staying off the road altogether), the more the public looses interest and doesn't
bother to vote.
- Political Party Weaknesses
- Never tightly organized, cohesive organizations to begin with, American political
parties have undergone a further deterioration during the last 30 years. True, they
now raise millions of dollars in campaign funds, produce slick television
commercials, provide research, and conduct public opinion polls. But they have
enormous difficulty doing what parties traditionally are supposed to do: educate,
energize, and especially mobilize the electorate. Worse, they (especially the
Democrat party) generally do not articulate coherent policy platforms that they
push year in and year out. In fact, for a number of reasons many voters have
become so dissatisfied with parties that they feel relatively little attachment to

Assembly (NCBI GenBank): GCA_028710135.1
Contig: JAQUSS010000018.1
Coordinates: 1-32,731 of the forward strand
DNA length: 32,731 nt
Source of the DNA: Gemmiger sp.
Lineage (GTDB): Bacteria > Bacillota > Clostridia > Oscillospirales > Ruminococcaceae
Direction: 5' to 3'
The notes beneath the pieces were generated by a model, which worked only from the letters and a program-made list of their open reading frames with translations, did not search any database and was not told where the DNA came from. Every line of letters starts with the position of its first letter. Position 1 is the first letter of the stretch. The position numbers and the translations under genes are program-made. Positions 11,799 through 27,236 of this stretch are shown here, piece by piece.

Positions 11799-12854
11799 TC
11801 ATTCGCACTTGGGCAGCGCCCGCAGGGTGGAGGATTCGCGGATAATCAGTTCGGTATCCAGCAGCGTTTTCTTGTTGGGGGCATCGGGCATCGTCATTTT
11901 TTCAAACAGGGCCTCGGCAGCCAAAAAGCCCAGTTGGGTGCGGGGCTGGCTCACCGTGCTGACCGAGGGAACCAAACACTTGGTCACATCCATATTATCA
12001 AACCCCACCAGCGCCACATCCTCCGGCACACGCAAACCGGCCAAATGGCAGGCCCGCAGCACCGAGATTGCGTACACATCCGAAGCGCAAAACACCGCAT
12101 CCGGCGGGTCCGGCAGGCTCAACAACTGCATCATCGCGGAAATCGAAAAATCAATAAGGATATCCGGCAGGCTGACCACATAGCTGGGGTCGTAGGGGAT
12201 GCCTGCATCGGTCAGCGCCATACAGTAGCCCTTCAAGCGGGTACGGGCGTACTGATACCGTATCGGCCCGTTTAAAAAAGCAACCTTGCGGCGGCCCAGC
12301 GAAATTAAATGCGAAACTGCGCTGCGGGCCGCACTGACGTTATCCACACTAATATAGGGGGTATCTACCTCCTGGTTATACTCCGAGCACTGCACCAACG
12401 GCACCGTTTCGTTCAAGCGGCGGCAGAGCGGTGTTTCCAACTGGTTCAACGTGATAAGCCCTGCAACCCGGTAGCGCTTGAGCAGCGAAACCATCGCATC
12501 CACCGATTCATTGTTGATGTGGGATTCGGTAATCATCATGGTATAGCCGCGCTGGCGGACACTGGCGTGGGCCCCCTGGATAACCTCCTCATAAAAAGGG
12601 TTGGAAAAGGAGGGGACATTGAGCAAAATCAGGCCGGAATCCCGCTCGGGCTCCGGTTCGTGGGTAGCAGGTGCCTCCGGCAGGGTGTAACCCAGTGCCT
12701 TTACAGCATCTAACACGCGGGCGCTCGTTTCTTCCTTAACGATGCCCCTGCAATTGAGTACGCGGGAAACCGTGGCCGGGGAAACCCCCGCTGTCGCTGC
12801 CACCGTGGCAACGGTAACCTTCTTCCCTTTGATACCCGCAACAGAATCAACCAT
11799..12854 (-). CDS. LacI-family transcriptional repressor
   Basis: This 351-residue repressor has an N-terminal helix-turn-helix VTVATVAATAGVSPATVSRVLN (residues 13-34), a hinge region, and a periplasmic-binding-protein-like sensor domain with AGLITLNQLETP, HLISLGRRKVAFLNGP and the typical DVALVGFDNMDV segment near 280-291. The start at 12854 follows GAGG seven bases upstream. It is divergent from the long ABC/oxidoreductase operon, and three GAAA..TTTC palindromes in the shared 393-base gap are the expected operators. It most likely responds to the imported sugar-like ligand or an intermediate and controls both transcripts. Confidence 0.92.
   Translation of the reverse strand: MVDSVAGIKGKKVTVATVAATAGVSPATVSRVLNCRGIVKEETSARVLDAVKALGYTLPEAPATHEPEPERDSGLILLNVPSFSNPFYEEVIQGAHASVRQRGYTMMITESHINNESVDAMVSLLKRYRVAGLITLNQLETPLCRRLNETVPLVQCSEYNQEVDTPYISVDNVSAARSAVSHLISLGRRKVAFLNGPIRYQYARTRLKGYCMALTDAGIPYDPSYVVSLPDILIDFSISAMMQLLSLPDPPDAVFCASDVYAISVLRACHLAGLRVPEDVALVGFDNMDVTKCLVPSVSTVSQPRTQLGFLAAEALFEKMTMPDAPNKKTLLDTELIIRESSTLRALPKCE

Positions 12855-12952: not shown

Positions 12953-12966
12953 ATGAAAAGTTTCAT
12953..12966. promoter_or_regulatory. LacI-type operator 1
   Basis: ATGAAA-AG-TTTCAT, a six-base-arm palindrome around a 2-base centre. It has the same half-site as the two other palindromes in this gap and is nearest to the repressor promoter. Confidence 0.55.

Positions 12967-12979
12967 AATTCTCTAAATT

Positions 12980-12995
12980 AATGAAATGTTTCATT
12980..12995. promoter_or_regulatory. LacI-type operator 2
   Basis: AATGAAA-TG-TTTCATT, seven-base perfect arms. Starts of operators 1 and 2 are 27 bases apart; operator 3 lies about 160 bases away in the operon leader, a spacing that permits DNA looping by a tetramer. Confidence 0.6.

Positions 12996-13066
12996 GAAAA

them. Over the last couple of decades the Democratic party has lost some support;
but the Republicans have not been the winners. Now "independents," or people
without strong party attachments, outnumber partisans in many parts of the
country. Since partisans, those who feel close to a party, frequently participate
more than independents, participation has slipped even more.
All of these factors suggest that non-voting on one level may be a personal decision. But
it's a decision that current structures and practices encourage citizens to make.